Significance and Working of Gyroscopes

Gyroscopes are an important part of any internal guidance or navigation system of aircraft. Despite being invented over a century ago, they remain in use to this day. A gyroscope is a device that uses the Earth’s gravity to measure or maintain orientation and angular velocity. The configuration features a spinning wheel or disc in which the axis of rotation is free to take on any orientation. While in rotation, the orientation of this axis is not affected by titling or rotation of the mounting. Gyroscopes have applications throughout the aerospace, aviation, marine, and defense industries. They guide ballistic missiles and satellites, aid in the building of tunnels, and work in ship gun fire control systems.

The first gyroscope consisted of a simple spinning wheel or disc which worked on the principle of angular momentum. As technology evolved, more configurations were developed to increase accuracy and consistency of output. There are currently three commonly used types of gyroscopes: Ring Laser (RLG) & Fiber Optics Gyroscopes (FOG), Dynamically Tuned Gyroscopes (DTG), and MEMS Gyroscopes. RLG and FOG both operate on the Sagnac effect, a principle which, in simplest terms, states that a beam of light split in two halves traveling in opposite directions will experience phase changes when the apparatus is acted on by angular velocity. Instead of a light, RLGs use a laser and by analyzing the phase changes during rotation, users can measure the angular velocity. RLGs are found in inertial navigation systems of military aircraft, commercial airliners, ships, and spacecraft.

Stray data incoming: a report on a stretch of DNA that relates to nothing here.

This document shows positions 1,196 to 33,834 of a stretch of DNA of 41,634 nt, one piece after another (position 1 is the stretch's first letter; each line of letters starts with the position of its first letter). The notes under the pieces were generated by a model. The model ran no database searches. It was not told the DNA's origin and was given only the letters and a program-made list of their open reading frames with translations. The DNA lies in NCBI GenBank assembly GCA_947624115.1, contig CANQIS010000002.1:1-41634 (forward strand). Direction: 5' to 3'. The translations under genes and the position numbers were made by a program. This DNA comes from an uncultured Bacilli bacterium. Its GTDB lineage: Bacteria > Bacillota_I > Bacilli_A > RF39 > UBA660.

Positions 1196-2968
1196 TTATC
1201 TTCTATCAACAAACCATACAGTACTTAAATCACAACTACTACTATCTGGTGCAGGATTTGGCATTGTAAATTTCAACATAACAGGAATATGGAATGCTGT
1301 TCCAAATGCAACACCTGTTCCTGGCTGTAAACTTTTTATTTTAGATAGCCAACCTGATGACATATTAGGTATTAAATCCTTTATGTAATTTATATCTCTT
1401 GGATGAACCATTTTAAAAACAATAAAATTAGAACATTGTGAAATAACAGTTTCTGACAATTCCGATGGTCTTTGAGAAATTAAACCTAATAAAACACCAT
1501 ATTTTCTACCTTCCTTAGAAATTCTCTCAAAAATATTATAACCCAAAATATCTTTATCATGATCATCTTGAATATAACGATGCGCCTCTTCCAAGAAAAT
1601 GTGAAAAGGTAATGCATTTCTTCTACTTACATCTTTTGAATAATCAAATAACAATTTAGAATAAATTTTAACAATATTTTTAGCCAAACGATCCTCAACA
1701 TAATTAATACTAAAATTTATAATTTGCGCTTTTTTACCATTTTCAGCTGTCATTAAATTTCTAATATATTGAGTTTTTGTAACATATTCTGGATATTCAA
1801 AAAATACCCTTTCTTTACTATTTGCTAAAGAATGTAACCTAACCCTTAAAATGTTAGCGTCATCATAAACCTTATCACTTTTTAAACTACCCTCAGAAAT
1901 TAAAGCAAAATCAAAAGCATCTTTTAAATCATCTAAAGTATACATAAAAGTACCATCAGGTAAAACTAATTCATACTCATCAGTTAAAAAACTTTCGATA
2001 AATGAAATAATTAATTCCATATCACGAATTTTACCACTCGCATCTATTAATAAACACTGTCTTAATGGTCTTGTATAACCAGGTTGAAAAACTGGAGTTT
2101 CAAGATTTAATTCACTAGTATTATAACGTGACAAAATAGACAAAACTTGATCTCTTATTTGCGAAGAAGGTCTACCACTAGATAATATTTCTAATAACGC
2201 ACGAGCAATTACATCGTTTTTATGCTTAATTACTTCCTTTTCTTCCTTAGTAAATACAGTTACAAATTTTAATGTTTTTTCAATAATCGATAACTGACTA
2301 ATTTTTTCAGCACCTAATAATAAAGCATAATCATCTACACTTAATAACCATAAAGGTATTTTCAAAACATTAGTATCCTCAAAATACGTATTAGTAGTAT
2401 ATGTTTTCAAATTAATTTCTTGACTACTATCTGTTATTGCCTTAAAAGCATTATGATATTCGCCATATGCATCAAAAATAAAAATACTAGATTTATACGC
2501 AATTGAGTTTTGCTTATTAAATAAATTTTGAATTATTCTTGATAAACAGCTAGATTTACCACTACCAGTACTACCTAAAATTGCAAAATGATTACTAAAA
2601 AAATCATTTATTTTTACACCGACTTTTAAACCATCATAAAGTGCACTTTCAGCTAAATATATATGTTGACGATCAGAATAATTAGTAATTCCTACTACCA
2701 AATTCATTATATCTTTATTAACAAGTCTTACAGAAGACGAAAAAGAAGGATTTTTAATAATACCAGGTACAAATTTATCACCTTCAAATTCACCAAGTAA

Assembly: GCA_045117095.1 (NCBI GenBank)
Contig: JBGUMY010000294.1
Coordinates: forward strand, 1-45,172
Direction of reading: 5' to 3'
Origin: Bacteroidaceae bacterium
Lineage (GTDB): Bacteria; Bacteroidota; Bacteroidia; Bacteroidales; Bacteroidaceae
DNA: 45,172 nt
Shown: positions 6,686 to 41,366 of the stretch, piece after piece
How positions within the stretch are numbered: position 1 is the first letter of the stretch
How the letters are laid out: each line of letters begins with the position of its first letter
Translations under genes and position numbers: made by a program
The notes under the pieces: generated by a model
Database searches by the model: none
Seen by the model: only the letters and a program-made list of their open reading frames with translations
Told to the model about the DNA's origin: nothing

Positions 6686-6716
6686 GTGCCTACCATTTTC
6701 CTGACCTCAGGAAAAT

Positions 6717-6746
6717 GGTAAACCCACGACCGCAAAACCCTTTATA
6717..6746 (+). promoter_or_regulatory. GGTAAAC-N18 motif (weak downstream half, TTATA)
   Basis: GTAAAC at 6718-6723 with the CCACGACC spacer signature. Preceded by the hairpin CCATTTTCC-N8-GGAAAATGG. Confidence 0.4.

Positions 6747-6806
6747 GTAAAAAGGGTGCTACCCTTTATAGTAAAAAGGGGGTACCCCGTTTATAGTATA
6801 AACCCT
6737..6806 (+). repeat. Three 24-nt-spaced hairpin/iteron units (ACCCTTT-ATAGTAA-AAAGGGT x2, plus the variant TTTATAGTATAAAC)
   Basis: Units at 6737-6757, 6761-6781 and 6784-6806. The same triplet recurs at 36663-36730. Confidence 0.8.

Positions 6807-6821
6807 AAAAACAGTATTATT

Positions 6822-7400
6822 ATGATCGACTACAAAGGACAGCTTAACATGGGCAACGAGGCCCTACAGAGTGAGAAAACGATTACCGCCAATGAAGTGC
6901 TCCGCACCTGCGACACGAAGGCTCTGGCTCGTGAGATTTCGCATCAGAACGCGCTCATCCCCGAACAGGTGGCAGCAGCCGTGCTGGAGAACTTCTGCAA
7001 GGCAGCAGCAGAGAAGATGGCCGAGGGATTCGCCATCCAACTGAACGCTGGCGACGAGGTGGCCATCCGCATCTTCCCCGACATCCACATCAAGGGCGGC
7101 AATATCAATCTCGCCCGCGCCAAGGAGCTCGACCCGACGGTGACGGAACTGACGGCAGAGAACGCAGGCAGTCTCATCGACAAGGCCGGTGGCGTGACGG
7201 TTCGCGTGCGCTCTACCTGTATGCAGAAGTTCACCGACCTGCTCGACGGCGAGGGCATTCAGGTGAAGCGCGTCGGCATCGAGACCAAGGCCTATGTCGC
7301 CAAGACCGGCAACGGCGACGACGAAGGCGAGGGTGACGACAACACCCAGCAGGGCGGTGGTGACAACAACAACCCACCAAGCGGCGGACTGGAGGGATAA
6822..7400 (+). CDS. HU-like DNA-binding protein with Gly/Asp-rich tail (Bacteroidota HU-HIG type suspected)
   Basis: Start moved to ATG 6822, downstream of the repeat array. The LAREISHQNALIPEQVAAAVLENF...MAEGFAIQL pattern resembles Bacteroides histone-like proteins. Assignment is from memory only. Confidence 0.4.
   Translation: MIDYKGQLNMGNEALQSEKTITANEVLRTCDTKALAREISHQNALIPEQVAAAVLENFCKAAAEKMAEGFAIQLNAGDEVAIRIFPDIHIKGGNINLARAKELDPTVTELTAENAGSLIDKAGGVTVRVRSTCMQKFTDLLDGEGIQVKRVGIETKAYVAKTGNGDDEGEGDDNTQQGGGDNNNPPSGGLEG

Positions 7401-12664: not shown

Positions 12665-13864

FOGs also use the Sagnac effect, but increase the effect by using multiple coils for the light to travel through. The phase changes are multiplied by each additional coil that the FOG employs. This provides increased sensitivity and generally more accuracy than the RLG. FLGs have many applications such as high-performance space applications, fiber optic gyrocompasses in navigation systems, guiding systems for ballistic missiles, autonomous underwater vehicles, and surveying equipment. The main benefits of FOGs are their extreme precision, lack of moving parts, higher resolution, and that they do not rely on inertial resistance in order to function. Unfortunately, they have longer production times due to their calibration requirements and can only be used for a single axis.

Dynamically Tuned Gyroscopes, or DTGs, are mechanical. They contain a rotor that is held between two pivots. At a given speed known as tuning speed, the rotor is free from torque.  For this reason, DTGs can be used as a conventional or ideal gyroscope, most commonly to measure rotational displacement from gimbal. MEMS (microelectromechanical system) gyroscopes use a vibrating element for rate measurement. They operated on the principle that a vibrating element will continue vibrating in its plane of vibration. Consequently, if the orientation of the platform on which an element sits is vibrating, the element will exert a force on the platform. This force is then measured to find the output. Some of the benefits of MEMS gyroscopes are that they are much smaller than other types, can be integrated with a digital interface, are less power-consuming, and cost significantly less than FOG and RLG gyroscopes, making them more widely available to the mass market.


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